Figure 5a shows the evolution of the volume along the iterations for the three domains selected. It can be seen that while the antagonistic communities of the abortion and vaccine domains evolve in a similar manner, the pro-climate change community has a larger size with linear growth in relation to the number of iterations.

Graph density

Graph density determines the proportion of edges (i.e., arcs or links) a graph has. In a dense graph, the number of edges is close to the maximum number of possible edges. On the contrary, a sparse graph is a graph with a very low number of edges, i.e., close to the number of edges it would have if it were an empty graph. The density is calculated using Eq. (3) as the ratio between the existing edges and the number of all possible edges.

$$density\left( G \right) = \frac{\left| E \right|}{{size\left( G \right)\left( {size\left( G \right) - 1} \right)}}$$

Figure 5b shows the evolution of the density of antagonistic communities for the three selected domains. As can be seen, starting from the initial seeds the pro-abortion community is the one with the highest density in the first iterations. However, this initial high density progressively declines as the method evolves. In the climate change domain, the communities have a low and very similar density. Meanwhile, the density of the pro-vaccine community is somewhat higher than the anti-vaccine community.


Reciprocity is a measure of the probability that vertices of a directed network are mutually linked to each other. The detection of reciprocity patterns may indicate the existence of self-organising tendencies in a community. Reciprocity is calculated with Eq. (4) as the ratio of the number of edges pointing in both directions to the total number of edges.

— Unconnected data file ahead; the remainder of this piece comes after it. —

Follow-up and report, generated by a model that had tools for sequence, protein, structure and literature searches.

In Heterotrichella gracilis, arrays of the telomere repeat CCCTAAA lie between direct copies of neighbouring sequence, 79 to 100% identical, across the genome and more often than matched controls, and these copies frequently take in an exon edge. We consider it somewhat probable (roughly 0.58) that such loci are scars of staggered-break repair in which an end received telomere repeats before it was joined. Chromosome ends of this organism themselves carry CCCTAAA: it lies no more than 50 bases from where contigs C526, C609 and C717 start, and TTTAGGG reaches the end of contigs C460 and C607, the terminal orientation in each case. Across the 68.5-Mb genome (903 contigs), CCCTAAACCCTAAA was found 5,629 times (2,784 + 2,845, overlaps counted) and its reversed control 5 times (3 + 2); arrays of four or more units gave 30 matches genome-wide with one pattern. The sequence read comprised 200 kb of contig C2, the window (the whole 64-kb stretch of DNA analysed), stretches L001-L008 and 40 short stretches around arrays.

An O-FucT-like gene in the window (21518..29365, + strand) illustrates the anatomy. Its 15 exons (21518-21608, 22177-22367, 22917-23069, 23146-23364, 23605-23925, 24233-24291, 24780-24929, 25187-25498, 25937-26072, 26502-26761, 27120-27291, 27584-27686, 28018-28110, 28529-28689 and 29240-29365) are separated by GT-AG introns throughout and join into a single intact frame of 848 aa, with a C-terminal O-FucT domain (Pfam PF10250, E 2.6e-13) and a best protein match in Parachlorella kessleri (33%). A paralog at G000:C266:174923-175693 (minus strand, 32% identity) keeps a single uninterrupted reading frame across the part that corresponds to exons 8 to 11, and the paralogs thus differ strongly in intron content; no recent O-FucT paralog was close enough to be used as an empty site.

$$reciprocity\left( G \right) = \frac{{\left| {\left( {u,v} \right) \in Eif\left( {v,u} \right) \in E} \right|}}{\left| E \right|}$$

Figure 5c shows the evolution of reciprocity for each of the domains (abortion, climate change and vaccines) in the different iterations of our experiments. Greater reciprocity is observed in the pro-abortion, anti-climate change (i.e., climate change denialist groups) and anti-vaccine communities. Firstly, the higher reciprocity of pro-abortion is expected due to the high graph density of the community. Secondly, there is a significant gap in the reciprocity of the antagonistic communities of the climate change domain, with the anti-climate change community showing the highest number of reciprocal ties. Finally, it can be seen that although both antagonistic communities in the vaccine domain show similar reciprocity in the first iterations, the number of reciprocal ties declines earlier in the pro-vaccine community, while in the anti-vaccine community it remains relatively stable.